Cousin Bette is a poor and lonely seamstress, who, after the death of her prominent and wealthy sister, tries to ingratiate herself into lives of her brother-in-law, Baron Hulot, and her ... See full summary »
Cousin Bette is a poor and lonely seamstress, who, after the death of her prominent and wealthy sister, tries to ingratiate herself into lives of her brother-in-law, Baron Hulot, and her niece, Hortense Hulot. Failing to do so, she instead finds solace and company in a handsome young sculptor she saves from starvation. But the aspiring artist soon finds love in the arms of another woman, Hortense, leaving Bette a bitter spinster. Bette plots to take revenge on the family who turned her away and stole her only love. With the help of famed courtesan Jenny Cadine she slowly destroys the lives of those who have scorned her. Written by
A near perfect film. Indulge in revenge without the guilt!
Every once in a while, a movie comes along that lets one revel in emotions that are generally frowned upon in genteel society. Revenge is one such emotion, and the very black comedy Cousin Bette deals it out in generous portions.
Bette (Jessica Lange) has always lived in the shadow of her more beautiful sister, Adeline. Adeline was always prepared for marriage and society, while Bette became a virtual servant for her family. To make matters worse, Adeline marries the one man Bette loves, the Baron Hulot. The film opens with Adeline on her death bed, listening to the confessions of her adulterous husband and spendthrift son. She makes Bette promise to take care of her family. The malicious grin on Bette's face lets us know what is coming. Bette orchestrates her revenge on each member of the family, with a cunning her family never suspected.
Part of what makes this film so delicious is that none of the characters are really very likeable, but they are all very interesting and well drawn. Even Bette is not someone you would want to welcome into your own family (although she'd make a fascinating guest at a dinner party). The only character who fares even mildly well is Cesar Crevel (Bob Hoskins). A merchant who has become the wealthiest man in Paris, he is attempting to buy his way to respectability. He is at least without pretense, even going so far as to offer 200,000 francs to see Hortense Hulot (the Baron's daughter, played by Kelly MacDonald) naked.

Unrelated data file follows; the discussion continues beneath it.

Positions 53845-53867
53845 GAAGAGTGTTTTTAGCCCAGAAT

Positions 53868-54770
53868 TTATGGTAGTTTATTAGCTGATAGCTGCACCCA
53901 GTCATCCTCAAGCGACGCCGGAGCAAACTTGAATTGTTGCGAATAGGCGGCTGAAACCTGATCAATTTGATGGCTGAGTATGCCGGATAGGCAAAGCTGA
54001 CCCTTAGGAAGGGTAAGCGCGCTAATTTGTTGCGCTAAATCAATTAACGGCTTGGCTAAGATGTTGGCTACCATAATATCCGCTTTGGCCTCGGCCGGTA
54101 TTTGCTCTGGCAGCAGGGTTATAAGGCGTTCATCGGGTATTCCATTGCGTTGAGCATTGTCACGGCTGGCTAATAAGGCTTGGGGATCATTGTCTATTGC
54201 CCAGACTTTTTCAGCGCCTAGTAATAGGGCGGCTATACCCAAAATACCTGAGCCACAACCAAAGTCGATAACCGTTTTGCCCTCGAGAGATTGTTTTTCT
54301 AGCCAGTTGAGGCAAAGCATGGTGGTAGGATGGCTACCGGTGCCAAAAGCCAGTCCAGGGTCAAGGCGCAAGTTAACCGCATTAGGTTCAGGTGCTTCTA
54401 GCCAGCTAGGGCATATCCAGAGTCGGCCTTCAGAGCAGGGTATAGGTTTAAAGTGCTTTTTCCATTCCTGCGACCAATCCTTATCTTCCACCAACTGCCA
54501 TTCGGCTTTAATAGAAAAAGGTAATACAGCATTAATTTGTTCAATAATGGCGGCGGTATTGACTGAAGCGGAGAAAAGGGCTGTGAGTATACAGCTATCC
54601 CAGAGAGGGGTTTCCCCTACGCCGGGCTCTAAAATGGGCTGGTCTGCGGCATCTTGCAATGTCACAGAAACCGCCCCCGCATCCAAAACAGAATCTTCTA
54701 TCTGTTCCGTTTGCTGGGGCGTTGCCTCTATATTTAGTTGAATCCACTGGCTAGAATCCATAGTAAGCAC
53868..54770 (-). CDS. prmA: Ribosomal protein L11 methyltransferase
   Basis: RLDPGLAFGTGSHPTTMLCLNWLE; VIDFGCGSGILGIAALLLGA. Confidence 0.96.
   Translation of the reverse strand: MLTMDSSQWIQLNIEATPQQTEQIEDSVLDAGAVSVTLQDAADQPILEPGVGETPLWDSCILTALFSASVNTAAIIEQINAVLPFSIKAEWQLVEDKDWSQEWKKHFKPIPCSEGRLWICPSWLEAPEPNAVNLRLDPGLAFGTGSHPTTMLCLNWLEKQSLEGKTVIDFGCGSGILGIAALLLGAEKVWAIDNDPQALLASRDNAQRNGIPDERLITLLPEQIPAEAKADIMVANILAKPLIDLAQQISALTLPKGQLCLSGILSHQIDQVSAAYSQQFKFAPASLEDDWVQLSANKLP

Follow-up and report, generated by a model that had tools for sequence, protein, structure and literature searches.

The story follows Bette's attempts to destroy the Baron and his family by manipulating them in their love affairs. The marriage of Hortense is expected to save the family financially, hence the appearance of Crevel. But Hortense loves the penniless Count Wenceslas Steinbach (Aden Young), a sculptor. Meanwhile the Baron has been borrowing from everyone in Paris to keep his mistress, Jenny Cadine. Bette controls all of the characters like a Grand Master.
The backdrop to the film is the decay of the French aristocratic society. Resting on the laurels of the Empire of Napoleon, oblivious to the coming revolution (the film begins in 1846), and in complete denial of the changes around them, we actually cheer for Bette as she systematically destroys the Hulot family. In a way it's the revolution carried out from within, making the fall all the more sweet.
This film is really exceptional. My only criticisms would be that (1) Elisabeth Shue as the famous actress/courtesan Jenny Cadine is merely adequate, (2) it is almost impossible to imagine the stunning Jessica Lange as the "plain" sister, and (3) the characters' accents tend to vary from time to time. The script is intelligent, clever, and realistic. The acting is very strong all around, especially by Lange. Hoskins is terrific, hitting just the right note of a materialistic man trying to be a nobleman, but not quite getting it. The locations and sets are lush and as decadent as one would expect. The direction of Des McAnuff is crisp and assured, the pace even and well controlled.
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